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African teams got to the Fifa World Cup through blood, sweat and tears, says legendary Zambian footballer Kalusha Bwalya

African teams got to the Fifa World Cup through blood, sweat and tears, says legendary Zambian footballer Kalusha Bwalya

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Johannesburg – Former African Footballer of the Year and one of Zambia’s all-time top goalscorer’s, Kalusha Bwalya says he has high hopes for African teams at this year’s Fifa World Cup.

While none of the African teams have managed to win their opening game, Bwalya believes there is still a lot to come.

So far, Senegal, Cameroon and Ghana have all lost their opening games, while Tunisia and Morocco have managed to come away with draws.

“We have the players, the skill, the talent; we certainly have the passion, and hopefully they can all rise to the occasion and make our continent proud.”

He expects a few surprises from the African teams, but says it won’t be easy.

“We are hoping to see African teams shine. So far we have seen good starts from Morocco and Tunisia, but it’s still a long way to go for. We expect big surprises, but so far it’s been tough.”

Bwalya says he hopes an African team will one day win a World Cup.

“It’s so difficult right now because for the moment, and the history of African football, we have to be realistic and hope for one of our teams to go to the semi-finals.”

He believes that African football has gotten stronger over the years, and African teams now pose a greater threat to the world than ever before.

“I feel that our players across Africa have made a much bigger impact as individuals than ever before on the world stage, and that is a good start. That should eventually lead to our teams getting to a higher level.”

African teams got to the Fifa World Cup through blood, sweat and tears, says legendary Zambian footballer Kalusha Bwalya
Former footballer Kalusha Bwalya during his days at Club America. Supplied image.

Senegal are one of the African teams with the biggest expectations. The Lions of Teranga, however, started their World Cup campaign with a 2-0 loss against football giants Netherlands.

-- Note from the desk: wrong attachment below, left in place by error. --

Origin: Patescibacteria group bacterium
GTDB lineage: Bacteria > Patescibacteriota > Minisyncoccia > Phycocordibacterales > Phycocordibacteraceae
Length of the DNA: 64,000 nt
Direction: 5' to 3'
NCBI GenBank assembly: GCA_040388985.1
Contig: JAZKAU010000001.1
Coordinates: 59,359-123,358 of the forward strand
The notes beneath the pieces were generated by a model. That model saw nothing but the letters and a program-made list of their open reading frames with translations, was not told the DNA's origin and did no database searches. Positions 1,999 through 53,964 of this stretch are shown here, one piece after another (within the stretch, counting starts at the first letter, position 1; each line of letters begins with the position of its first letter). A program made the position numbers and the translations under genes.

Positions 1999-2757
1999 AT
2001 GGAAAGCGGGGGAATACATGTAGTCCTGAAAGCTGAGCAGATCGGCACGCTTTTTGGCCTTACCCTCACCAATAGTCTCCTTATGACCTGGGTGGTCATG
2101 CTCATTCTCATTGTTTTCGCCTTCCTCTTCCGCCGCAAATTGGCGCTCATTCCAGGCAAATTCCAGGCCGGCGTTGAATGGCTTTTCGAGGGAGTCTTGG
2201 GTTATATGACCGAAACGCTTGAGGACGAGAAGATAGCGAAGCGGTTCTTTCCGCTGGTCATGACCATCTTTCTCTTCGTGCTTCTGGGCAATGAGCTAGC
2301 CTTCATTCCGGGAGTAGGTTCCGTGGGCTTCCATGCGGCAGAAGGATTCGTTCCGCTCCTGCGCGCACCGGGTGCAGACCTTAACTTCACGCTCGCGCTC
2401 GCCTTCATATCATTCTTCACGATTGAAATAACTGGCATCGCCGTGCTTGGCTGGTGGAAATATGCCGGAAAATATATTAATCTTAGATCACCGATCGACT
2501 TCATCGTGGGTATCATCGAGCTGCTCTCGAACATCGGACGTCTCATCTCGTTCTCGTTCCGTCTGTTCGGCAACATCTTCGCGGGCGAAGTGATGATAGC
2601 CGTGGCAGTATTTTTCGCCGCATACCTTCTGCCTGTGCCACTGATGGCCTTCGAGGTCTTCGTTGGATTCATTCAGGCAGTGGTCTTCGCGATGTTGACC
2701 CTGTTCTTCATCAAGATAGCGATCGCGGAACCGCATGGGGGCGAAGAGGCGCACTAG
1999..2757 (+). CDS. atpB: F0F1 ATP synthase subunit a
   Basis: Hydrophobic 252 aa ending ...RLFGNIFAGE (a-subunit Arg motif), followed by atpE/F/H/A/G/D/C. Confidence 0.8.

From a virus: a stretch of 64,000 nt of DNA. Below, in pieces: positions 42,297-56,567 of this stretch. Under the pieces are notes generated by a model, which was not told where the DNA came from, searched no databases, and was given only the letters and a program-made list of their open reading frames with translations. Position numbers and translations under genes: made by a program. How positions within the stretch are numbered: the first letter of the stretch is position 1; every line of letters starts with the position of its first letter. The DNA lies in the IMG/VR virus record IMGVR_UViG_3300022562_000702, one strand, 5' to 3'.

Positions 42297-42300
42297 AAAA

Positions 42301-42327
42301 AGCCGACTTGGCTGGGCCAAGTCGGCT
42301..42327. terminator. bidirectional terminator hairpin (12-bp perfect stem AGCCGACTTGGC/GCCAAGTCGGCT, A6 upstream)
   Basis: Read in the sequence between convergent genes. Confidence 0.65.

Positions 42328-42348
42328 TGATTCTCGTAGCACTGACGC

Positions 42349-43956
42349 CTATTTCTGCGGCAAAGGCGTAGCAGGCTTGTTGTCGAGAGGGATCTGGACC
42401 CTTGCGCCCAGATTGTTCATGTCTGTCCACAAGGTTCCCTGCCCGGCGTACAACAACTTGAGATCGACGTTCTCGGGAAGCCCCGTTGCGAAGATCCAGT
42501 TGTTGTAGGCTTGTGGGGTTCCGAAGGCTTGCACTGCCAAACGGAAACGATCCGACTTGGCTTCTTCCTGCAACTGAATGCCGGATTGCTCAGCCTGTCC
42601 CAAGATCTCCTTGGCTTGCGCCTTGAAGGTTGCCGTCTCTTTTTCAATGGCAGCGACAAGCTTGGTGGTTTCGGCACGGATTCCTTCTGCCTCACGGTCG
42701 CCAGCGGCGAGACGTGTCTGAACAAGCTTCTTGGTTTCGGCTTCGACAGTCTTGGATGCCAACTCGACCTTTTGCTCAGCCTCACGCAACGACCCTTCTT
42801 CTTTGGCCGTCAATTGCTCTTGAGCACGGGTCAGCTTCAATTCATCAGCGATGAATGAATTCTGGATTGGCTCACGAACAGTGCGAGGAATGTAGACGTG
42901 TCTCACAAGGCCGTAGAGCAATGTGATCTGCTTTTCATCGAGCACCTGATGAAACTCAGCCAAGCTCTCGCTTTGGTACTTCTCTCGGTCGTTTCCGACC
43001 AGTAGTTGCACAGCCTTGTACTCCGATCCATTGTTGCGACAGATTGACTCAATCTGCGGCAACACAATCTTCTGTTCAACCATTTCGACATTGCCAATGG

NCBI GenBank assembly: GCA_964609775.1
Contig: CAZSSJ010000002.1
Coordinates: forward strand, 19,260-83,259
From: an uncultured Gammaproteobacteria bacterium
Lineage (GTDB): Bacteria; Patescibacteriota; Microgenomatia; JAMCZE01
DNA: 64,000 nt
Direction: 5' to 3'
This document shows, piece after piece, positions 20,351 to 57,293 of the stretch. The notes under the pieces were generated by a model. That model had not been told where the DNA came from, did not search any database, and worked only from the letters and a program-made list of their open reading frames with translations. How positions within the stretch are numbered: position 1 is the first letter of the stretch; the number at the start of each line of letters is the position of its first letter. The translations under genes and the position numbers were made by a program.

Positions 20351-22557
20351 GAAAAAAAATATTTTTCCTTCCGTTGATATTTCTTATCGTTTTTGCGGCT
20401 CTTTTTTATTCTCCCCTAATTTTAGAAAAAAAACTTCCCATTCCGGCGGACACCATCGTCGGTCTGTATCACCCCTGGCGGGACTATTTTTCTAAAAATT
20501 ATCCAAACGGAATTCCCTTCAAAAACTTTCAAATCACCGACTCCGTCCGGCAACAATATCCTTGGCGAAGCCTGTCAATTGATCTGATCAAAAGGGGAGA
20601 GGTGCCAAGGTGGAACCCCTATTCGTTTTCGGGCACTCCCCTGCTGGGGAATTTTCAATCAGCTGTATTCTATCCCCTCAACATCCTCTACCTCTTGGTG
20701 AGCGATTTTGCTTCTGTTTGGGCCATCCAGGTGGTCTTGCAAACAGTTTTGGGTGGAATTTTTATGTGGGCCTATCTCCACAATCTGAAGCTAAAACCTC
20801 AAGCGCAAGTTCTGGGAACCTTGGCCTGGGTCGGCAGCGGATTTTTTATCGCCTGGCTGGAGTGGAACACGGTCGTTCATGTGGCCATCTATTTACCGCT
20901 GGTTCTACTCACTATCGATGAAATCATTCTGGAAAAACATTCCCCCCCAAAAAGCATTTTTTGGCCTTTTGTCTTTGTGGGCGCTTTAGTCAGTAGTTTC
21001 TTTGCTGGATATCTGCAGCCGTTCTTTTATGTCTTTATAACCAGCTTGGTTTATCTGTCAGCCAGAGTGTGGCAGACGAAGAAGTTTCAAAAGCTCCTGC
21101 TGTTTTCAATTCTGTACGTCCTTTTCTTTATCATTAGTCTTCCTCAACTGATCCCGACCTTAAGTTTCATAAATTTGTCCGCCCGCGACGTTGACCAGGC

The team now have to win their remaining games to have a chance of making it to the next round.

Bwalya says the loss of Sadio Mane has proved to be a big blow for Senegal.

“Having lost the first game, Senegal have no option but to go for broke in the following games to win the next two matches against Qatar and Ecuador. It’s all or nothing.”

“Sadio Mane is a very big loss to both Senegal and Africa because he got all the important goals for Senegal in the African Cup of Nations and World Cup qualifiers, so it’s not easy to replace the African Footballer of the Year.”

Bwalya says he has been delighted by the shock wins over the past week.

The opening week of the World Cup has already produced two huge shocks, with Saudi Arabia beating Lionel Messi’s Argentina, and Japan defeating Germany.

“So far we’ve seen the most telling moments of the World Cup have come with the two upsets, where Herve Renard’s Saudi Arabia provided the biggest shock by beating Argentina, and Germany losing to Japan. The beauty of football is its unpredictability. Sometimes the underdog has its day.”

Saudi Arabia are managed by former Zambia national coach Herve Renard.

Bwalya is full of admiration for the French coach, who on more than one occasion has led Zambia to glory in Africa.

“Herve is one of the best coaches in the world, he has moved with the times and is a great tactician. He is an extremely motivational coach and the players will put their lives on the line for him and their team.”

Bwalya says it’s difficult to choose a favourite as he expects plenty of surprises along the way.

“Once we see all the teams play, we can assess their form, but the people’s favourites are still Brazil, France and Argentina. But I would like to see a different team win… football can surprise us.”

African teams got to the Fifa World Cup through blood, sweat and tears, says legendary Zambian footballer Kalusha Bwalya
Former footballer Kalusha Bwalya is Zambia's eighth-most-capped player and third on the list of all-time top goalscorers behind Godfrey Chitalu and Alex Chola. GALLO IMAGES

He says hosting a World Cup in the middle of a football season could also prove to be beneficial for players.

“Personally I feel it’s a good thing because I always said that the World Cup being played at the end of the season – in its regular time when the players have played 53 odd matches in the season – is a difficult ask for the human body, to then go off to the World Cup to give its best. Now the the players are in their full form and rhythm.”

Bwalya says he is also delighted that a country in the Middle East has been given the opportunity to host a World Cup.

“I think football belongs to everybody and we have seen magnificent stadiums in Qatar. The World Cup should be shared and rotated around the world, like it came to South Africa in 2010 as the first time in Africa. This is the first time for the Middle East; it’s their turn.”

He believes the weather in Qatar is also suitable for all teams.

“I think the weather has been good for everybody, given its winter in the Middle East. It’s almost like a middle ground weather for everybody. Personally, I prefer to play football on a hot summer day.”

The Saturday Star

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